FPGA companies launch alliance to design supercomputers

EDINBURGH, U.K., 25 May 2005. A consortium of computer researchers today launched the FPGA High Performance Computing Alliance (FHPCA). The group includes technology companies and academics who will work together over the next two years to design and build a 64-node, FPGA-based super computer, capable of achieving processing speeds in excess of 1 Teraflop.

The new supercomputer, which will be the most powerful of its type in the world, will be owned and operated by the world-renowned EPCC (Edinburgh Parallel Computing Centre) at the University of Edinburgh. Visiting researchers will be able to arrange access to the FHPCA system for three-month research programs via the EPPC, during which time they will be supported by members of the Alliance to port their applications to the system.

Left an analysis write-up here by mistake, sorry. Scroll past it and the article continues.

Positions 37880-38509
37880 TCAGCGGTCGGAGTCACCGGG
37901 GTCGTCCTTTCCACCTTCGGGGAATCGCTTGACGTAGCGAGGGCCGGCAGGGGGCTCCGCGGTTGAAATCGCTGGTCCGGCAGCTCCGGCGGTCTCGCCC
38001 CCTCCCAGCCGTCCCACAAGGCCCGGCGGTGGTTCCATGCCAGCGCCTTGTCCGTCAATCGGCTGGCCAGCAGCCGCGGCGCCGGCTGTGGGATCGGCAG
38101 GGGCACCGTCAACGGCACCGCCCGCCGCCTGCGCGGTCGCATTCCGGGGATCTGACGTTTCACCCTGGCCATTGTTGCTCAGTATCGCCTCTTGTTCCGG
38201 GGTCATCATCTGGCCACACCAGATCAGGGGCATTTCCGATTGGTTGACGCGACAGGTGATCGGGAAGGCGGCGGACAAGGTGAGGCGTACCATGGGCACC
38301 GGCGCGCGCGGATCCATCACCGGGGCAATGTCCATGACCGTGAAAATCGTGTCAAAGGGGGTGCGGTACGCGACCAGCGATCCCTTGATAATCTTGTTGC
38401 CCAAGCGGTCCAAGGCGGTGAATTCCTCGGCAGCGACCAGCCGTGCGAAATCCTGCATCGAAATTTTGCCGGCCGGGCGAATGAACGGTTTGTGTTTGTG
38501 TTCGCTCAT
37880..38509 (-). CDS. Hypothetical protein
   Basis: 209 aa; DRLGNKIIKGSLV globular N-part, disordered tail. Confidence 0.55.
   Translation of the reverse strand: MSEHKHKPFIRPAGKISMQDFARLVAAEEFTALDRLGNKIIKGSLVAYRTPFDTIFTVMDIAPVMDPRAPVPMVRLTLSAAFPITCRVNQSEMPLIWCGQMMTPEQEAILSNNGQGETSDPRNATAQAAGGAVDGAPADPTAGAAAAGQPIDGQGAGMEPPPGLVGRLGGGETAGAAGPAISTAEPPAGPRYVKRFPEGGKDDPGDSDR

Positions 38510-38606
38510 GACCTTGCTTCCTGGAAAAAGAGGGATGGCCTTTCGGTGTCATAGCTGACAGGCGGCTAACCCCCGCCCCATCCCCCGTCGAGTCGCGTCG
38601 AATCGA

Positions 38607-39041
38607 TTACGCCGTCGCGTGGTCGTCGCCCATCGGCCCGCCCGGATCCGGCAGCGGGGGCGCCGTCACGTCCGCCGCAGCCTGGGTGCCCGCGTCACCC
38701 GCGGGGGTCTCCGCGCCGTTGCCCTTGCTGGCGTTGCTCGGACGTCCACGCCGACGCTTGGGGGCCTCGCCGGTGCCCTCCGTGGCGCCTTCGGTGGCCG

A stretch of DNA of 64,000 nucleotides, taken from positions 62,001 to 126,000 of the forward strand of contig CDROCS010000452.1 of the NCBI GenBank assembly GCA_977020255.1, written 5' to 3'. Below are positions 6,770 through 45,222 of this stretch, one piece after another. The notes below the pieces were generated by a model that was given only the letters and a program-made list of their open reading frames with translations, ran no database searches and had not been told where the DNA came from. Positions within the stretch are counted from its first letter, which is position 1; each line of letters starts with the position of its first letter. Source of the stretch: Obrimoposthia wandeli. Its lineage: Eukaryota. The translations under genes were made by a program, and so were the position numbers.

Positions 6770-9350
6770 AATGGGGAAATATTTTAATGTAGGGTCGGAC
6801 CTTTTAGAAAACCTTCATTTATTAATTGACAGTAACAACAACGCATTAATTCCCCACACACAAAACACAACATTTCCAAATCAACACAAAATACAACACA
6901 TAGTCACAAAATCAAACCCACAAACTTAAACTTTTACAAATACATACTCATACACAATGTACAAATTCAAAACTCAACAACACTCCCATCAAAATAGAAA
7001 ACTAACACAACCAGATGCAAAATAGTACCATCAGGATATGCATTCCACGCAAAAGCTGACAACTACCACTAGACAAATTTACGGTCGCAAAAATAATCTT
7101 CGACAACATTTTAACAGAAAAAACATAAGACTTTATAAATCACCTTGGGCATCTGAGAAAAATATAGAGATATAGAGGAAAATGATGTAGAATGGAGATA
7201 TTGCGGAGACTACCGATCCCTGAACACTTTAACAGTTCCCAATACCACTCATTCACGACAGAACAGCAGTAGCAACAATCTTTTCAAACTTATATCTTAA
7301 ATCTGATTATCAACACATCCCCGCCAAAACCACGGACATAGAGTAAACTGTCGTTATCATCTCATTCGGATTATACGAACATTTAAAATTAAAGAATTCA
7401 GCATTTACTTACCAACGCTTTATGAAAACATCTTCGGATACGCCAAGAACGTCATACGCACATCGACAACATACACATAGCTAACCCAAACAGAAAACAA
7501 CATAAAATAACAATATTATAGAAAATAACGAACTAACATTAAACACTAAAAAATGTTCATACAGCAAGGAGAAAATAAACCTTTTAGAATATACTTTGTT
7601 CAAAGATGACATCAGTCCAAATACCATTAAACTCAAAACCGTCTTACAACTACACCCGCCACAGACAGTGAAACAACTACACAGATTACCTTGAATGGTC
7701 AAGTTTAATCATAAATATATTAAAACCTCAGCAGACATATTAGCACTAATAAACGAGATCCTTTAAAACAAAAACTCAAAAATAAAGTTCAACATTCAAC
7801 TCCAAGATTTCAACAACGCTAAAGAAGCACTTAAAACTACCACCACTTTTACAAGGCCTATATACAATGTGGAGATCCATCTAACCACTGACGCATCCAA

The computer will be built using commercial-off-the-shelf (COTS) technology from alliance members. To demonstrate the system's power and flexibility, the alliance will then select and port three existing super computer applications from science and industry. Those applications will be selected in June 2005.

Group members include:
· Xilinx, of San Jose, Calif.,
· Nallatech, of Edinburgh, Scotland,
· the Institute for System Level Integration (ISLI), at the Alba Centre in Livingston, U.K.,
· the Edinburgh Parallel Computing Centre (EPCC) at the University of Edinburgh,
· Alpha Data, also of Edinburgh, and
· Algotronix, also of Edinburgh.

Together, they raised a 3.6 million-pound budget for the alliance, including 1.345 million pounds from Scottish Enterprise.

"For many scientists and engineers, who would love to have access to the computing power that this technology can provide, FPGA computing is either unknown or inaccessible, simply because the tools and techniques to develop these systems are so specialized," said Allan Cantle, CEO of Nallatech.